In recent years, Large Language Models (LLMs) have demonstrated remarkable generative abilities, but can they judge the quality of their own generations? A popular concept, referred to as self-refinement, postulates that LLMs can detect and correct the errors in their generations when asked to do so. However, recent empirical evidence points in the opposite direction, suggesting that LLMs often struggle to accurately identify errors when reasoning is involved. To address this, we propose a reasoning with refinement objective called ART: Ask, Refine, and Trust, which asks necessary questions to decide when an LLM should refine its output, and either affirm or withhold trust in its refinement by ranking the refinement and the initial prediction. On two multistep reasoning tasks of mathematical word problems (GSM8K) and question answering (StrategyQA), ART achieves a performance gain of +5 points over self-refinement baselines, while using a much smaller model as the decision maker. We also demonstrate the benefit of using smaller models to make refinement decisions as a cost-effective alternative to fine-tuning a larger model.
Large Language Models (LLMs) can solve complex reasoning tasks by generating rationales for their predictions. Distilling these capabilities into a smaller, compact model can facilitate the creation of specialized, cost-effective models tailored for specific tasks. However, smaller models often face challenges in complex reasoning tasks and often deviate from the correct reasoning path. We show that LLMs can guide smaller models and bring them back to the correct reasoning path only if they intervene at the right time. We show that smaller models fail to reason primarily due to their difficulty in initiating the process, and that guiding them in the right direction can lead to a performance gain of over 100%. We explore different model sizes and evaluate the benefits of providing guidance to improve reasoning in smaller models.
Large language models (LLMs) can improve their accuracy on various tasks through iteratively refining and revising their output based on feedback. We observe that these revisions can introduce errors, in which case it is better to roll back to a previous result. Further, revisions are typically homogeneous: they use the same reasoning method that produced the initial answer, which may not correct errors. To enable exploration in this space, we present SCREWS, a modular framework for reasoning with revisions. It is comprised of three main modules: Sampling, Conditional Resampling, and Selection, each consisting of sub-modules that can be hand-selected per task. We show that SCREWS not only unifies several previous approaches under a common framework, but also reveals several novel strategies for identifying improved reasoning chains. We evaluate our framework with state-of-the-art LLMs (ChatGPT and GPT-4) on a diverse set of reasoning tasks and uncover useful new reasoning strategies for each: arithmetic word problems, multi-hop question answering, and code debugging. Heterogeneous revision strategies prove to be important, as does selection between original and revised candidates.
Step-by-step reasoning approaches like chain-of-thought (CoT) have proved to be a very effective technique to induce reasoning capabilities in large language models. However, the success of the CoT approach depends primarily on model size, and often billion parameter-scale models are needed to get CoT to work. In this paper, we propose a knowledge distillation approach, that leverages the step-by-step CoT reasoning capabilities of larger models and distils these reasoning abilities into smaller models. Our approach Decompositional Distillation learns a semantic decomposition of the original problem into a sequence of subproblems and uses it to train two models: a) a problem decomposer that learns to decompose the complex reasoning problem into a sequence of simpler sub-problems and b) a problem solver that uses the intermediate subproblems to solve the overall problem. On a multi-step math word problem dataset (GSM8K), we boost the performance of GPT-2 variants up to 35% when distilled with our approach compared to CoT. We show that using our approach, it is possible to train a GPT-2-large model (775M) that can outperform a 10X larger GPT-3 (6B) model trained using CoT reasoning. Finally, we also demonstrate that our approach of problem decomposition can also be used as an alternative to CoT prompting, which boosts the GPT-3 performance by 40% compared to CoT prompts.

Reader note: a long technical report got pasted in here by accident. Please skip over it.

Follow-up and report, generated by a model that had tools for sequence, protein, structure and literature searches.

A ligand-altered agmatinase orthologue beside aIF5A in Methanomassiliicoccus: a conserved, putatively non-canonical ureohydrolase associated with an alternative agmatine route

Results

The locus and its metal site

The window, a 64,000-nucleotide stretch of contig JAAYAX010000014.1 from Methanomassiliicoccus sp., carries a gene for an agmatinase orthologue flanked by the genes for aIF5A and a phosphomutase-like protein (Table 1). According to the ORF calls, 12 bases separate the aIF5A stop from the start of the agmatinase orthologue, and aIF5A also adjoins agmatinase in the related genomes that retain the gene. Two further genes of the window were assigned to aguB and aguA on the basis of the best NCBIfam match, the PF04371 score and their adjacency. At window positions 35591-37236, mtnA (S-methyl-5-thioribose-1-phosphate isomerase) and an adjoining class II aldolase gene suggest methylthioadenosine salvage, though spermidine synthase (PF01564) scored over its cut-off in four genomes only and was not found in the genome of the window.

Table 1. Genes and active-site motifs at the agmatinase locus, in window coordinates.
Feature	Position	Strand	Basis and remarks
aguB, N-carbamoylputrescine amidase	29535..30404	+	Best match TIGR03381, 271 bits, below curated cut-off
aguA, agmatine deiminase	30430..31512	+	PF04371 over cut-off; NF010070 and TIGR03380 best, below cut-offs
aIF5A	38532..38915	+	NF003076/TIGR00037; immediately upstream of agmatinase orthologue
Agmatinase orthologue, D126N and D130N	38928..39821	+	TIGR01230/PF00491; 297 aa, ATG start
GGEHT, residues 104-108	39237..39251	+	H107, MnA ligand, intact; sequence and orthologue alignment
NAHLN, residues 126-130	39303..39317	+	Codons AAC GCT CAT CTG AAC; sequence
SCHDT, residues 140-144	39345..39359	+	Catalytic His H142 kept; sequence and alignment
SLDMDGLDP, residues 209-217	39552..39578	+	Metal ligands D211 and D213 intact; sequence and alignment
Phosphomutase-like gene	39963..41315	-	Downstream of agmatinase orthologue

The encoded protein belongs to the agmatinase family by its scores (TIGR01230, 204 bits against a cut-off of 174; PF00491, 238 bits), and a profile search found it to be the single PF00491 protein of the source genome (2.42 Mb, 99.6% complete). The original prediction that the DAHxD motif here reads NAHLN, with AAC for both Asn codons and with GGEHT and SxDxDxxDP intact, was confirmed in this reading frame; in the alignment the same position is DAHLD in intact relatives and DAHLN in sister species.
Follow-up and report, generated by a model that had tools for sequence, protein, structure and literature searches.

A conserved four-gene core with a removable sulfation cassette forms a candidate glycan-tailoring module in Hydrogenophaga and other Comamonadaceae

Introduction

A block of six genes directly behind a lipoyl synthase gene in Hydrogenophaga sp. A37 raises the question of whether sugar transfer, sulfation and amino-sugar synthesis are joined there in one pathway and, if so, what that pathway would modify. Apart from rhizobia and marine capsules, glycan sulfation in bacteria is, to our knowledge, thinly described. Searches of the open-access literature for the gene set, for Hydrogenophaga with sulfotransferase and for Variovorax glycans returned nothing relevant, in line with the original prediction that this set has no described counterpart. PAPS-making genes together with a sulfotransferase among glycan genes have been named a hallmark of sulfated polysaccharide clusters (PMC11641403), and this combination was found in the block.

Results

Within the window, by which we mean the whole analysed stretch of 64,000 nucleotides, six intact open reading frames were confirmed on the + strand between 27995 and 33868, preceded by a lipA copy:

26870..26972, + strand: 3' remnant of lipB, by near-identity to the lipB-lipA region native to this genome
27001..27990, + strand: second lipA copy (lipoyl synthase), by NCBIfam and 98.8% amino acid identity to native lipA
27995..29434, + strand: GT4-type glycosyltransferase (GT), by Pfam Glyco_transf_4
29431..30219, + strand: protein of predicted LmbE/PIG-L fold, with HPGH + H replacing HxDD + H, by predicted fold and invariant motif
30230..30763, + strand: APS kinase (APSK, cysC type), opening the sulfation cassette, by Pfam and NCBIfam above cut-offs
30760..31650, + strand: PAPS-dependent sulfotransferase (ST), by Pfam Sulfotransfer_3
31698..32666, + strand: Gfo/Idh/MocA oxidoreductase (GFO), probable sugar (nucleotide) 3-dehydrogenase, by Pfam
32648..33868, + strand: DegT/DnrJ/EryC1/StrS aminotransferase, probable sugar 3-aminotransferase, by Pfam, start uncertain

Socratic questioning is an educational method that allows students to discover answers to complex problems by asking them a series of thoughtful questions. Generation of didactically sound questions is challenging, requiring understanding of the reasoning process involved in the problem. We hypothesize that such questioning strategy can not only enhance the human performance, but also assist the math word problem (MWP) solvers. In this work, we explore the ability of large language models (LMs) in generating sequential questions for guiding math word problem-solving. We propose various guided question generation schemes based on input conditioning and reinforcement learning. On both automatic and human quality evaluations, we find that LMs constrained with desirable question properties generate superior questions and improve the overall performance of a math word problem solver. We conduct a preliminary user study to examine the potential value of such question generation models in the education domain. Results suggest that the difficulty level of problems plays an important role in determining whether questioning improves or hinders human performance. We discuss the future of using such questioning strategies in education.